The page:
Today, Website Closers’ Gwen Sylvester joins host Izach Porter to chat with Adam Spiegel, who built and sold Ownloop, because he needed a way to make money when his career took a turn for the worse because of the pandemic.
Previous How I Built and Sold This Episodes
Adam’s new company, EcomRelated.com.
This episode of Deal Closers is hosted by Izach Porter, brought to you by WebsiteClosers.com, and is produced by Earfluence.
Adam Spiegel – 00:00:05:
I was expecting COVID to end and I was going to go back to my cyber career. So there was no long-term strategy. I was taking it week by week and month by month. And it just got to the point where I was like, “you know, this is my life now. And let’s turn this into something real”.
Izach Porter – 00:00:33:
All right, you’re listening to The Deal Closers Podcast brought to you by WebsiteClosers.com, a show about how to build your e-commerce business to be profitable, scalable, and one day even sellable. I’m Izach Porter, and on the show today, Website Closers’ Gwen Sylvester joins me to talk with Adam Spiegel about exiting Ownloop, a company he founded because he needed a way to make money when his career took a turn for the worse because of the pandemic. You know, these types of episodes where we talk to founders about how they built and sold their companies are some of my favorites. And one thing that really sticks out to me is how they don’t necessarily have any amazing skills in e-commerce and they don’t go to school to learn about business or digital marketing. They simply practice fit foe. They figure it the blank out. They start from scratch, they go to YouTube University, and they learn. And they keep learning until they get it right. That’s what happened with Adam Spiegel, who’s also one of these people who had the entrepreneurial itch from a very young age.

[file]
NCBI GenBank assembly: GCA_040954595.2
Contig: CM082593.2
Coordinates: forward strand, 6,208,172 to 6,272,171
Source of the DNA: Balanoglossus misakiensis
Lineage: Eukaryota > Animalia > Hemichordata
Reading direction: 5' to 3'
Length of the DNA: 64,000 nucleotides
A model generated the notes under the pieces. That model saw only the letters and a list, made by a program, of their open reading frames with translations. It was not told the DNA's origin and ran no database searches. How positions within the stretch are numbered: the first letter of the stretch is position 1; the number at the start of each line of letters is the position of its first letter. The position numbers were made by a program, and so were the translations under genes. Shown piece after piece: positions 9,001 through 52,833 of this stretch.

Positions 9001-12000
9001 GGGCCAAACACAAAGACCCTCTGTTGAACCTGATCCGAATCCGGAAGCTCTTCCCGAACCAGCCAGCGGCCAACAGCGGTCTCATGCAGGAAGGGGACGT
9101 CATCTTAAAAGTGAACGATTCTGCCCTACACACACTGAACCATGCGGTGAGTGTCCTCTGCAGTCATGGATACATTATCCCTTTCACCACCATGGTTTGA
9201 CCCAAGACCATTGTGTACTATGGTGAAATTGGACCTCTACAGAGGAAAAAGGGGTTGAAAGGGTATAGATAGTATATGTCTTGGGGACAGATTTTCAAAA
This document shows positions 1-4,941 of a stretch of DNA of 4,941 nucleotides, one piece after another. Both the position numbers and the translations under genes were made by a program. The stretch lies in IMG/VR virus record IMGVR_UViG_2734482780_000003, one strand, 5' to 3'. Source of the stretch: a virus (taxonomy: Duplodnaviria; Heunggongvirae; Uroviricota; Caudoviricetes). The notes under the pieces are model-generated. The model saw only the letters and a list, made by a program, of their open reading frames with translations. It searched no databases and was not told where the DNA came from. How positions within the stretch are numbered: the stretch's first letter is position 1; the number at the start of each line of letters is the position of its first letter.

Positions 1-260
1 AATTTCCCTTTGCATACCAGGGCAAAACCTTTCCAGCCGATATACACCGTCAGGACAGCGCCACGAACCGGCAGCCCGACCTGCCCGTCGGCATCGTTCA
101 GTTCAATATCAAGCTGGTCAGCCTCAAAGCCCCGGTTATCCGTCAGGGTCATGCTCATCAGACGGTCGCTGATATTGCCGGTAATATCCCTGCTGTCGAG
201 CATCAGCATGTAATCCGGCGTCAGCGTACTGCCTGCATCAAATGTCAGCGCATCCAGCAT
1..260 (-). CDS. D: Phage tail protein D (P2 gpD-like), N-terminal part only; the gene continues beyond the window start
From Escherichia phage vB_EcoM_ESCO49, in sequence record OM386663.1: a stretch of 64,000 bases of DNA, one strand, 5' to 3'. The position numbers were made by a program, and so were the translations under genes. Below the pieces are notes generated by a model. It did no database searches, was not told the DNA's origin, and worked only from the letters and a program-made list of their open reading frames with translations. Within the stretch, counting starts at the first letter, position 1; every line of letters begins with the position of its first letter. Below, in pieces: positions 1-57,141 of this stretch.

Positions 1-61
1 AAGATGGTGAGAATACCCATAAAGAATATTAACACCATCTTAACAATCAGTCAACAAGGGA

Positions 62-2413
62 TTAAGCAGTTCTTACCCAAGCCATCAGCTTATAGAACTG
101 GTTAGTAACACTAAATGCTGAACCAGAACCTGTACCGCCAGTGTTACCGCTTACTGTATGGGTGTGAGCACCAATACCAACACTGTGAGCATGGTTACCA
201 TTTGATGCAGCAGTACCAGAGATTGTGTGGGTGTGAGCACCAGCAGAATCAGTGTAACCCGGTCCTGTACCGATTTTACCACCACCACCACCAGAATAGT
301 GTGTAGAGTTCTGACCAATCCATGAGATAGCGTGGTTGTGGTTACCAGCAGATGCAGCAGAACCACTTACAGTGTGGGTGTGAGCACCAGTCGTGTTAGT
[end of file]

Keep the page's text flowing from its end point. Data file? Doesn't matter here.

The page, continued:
Adam – 00:01:36:
My mother was a pharmaceutical rep, and at the time she used to get a ton of promotional materials, pens, post-its, letter openers, and me and one of my close friends used to set up a wagon in our community and try to sell them to cars passing by.
Izach – 00:01:53:
Adam went to the University of Michigan for college and got his career started in cybersecurity. But when the pandemic hit, budgets for what some companies felt were non-essential things started tightening up significantly.